ZURICH (Reuters) - A Swiss court rejected on Tuesday a bid by film director Roman Polanski for release on bail as the risk was too high he would flee pending extradition to the United States for having unlawful sex with a minor in 1977.
"According to Swiss law, detention is the rule during the entire extradition proceedings," the Swiss Federal Criminal Court said in a statement. "The court considered the risk that Roman Polanski might flee if released from custody as high."
The 76-year-old Oscar-winning director, who holds dual French and Polish citizenship, was arrested at the request of the United States when he flew into Switzerland on September 26 to receive a lifetime achievement prize at a film festival.
Polanski's French lawyer Herve Temime has said his client was depressed and tired and has been moved from jail for medical treatment.
Temime was not available for comment on Tuesday but Swiss news agency SDA quoted him as saying Polanski would appeal against the decision and offer stronger guarantees to ease concerns he might flee Switzerland.
The court said in its ruling Polanski had many reasons to run away if released on bail, including the fact he could face a U.S. jail sentence of up to 50 years which would mean a painful separation from his wife and children, aged 11 and 16.
It cited his lawyer as saying that longer detention could lead to a loss of around $40 million that investors have put up and ruinous damage claims against him if he cannot finish his new movie "The Ghost," due to premiere in February.
The court also said it would be very easy to escape across the border from Switzerland back to his home in France.
It said Polanski's offer of putting his Swiss holiday home up as bail was not sufficient so it could not decide whether a proposal of combining bail and house arrest with electronic monitoring would prevent him from fleeing.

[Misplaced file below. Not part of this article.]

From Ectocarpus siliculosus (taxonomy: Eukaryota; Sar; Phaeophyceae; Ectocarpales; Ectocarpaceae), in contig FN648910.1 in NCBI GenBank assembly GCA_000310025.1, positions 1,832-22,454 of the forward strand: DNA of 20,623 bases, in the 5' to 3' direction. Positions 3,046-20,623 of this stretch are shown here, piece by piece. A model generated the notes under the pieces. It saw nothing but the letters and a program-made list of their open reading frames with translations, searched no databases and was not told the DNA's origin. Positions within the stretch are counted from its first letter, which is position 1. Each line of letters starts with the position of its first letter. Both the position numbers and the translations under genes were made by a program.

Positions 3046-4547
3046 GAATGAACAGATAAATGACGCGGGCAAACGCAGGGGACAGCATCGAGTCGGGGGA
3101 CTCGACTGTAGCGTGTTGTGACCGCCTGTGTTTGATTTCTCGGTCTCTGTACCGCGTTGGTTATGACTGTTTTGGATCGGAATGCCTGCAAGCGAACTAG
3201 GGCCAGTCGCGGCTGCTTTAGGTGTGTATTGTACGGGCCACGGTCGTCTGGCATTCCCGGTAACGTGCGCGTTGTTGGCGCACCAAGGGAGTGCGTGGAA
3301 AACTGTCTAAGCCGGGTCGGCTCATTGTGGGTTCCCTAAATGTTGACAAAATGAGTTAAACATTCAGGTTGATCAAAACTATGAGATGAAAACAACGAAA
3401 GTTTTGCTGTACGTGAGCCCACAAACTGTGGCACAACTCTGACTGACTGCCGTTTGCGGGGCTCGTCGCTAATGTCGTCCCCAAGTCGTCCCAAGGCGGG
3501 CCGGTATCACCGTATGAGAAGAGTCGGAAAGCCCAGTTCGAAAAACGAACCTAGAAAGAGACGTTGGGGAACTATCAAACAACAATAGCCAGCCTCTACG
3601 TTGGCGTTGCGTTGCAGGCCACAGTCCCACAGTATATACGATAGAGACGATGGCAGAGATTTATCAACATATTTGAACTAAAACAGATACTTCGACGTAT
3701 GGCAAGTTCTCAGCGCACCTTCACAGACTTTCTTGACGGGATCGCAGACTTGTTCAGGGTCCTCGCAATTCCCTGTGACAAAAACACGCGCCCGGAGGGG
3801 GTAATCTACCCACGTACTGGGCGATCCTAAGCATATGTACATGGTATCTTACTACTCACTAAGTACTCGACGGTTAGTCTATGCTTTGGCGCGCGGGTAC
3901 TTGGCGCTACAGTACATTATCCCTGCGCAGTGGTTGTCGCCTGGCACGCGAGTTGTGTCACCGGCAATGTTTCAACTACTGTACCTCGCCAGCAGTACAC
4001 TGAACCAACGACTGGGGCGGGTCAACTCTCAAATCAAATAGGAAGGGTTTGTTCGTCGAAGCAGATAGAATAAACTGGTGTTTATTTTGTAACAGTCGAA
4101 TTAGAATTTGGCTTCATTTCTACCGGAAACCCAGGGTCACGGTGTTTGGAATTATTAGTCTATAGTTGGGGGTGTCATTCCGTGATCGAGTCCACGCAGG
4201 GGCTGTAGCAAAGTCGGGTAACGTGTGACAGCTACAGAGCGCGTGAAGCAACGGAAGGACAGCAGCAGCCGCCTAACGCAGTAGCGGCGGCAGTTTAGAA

It said Polanski could make a new bail proposal to the Swiss justice ministry, which rejected a separate bid for release earlier this month due to fears the director would flee.
Polanski, who won the 'best director' Oscar for the 2002 Holocaust film "The Pianist," pleaded guilty to having sex with a 13-year-old girl in 1977 and spent 42 days in prison undergoing psychiatric tests.
But he fled the United States before the case was concluded because he believed a judge would sentence him to up to 50 years behind bars despite a plea agreement for time already served.
The Swiss court said it did not consider that Polanski's extradition was "evidently inadmissible" although it would only fully examine that in the real extradition proceedings.
U.S. authorities have until the end of November to make a firm extradition request. U.S. judicial sources have said the complex extradition process could take years if Polanski challenges it.
Editing by Angus MacSwan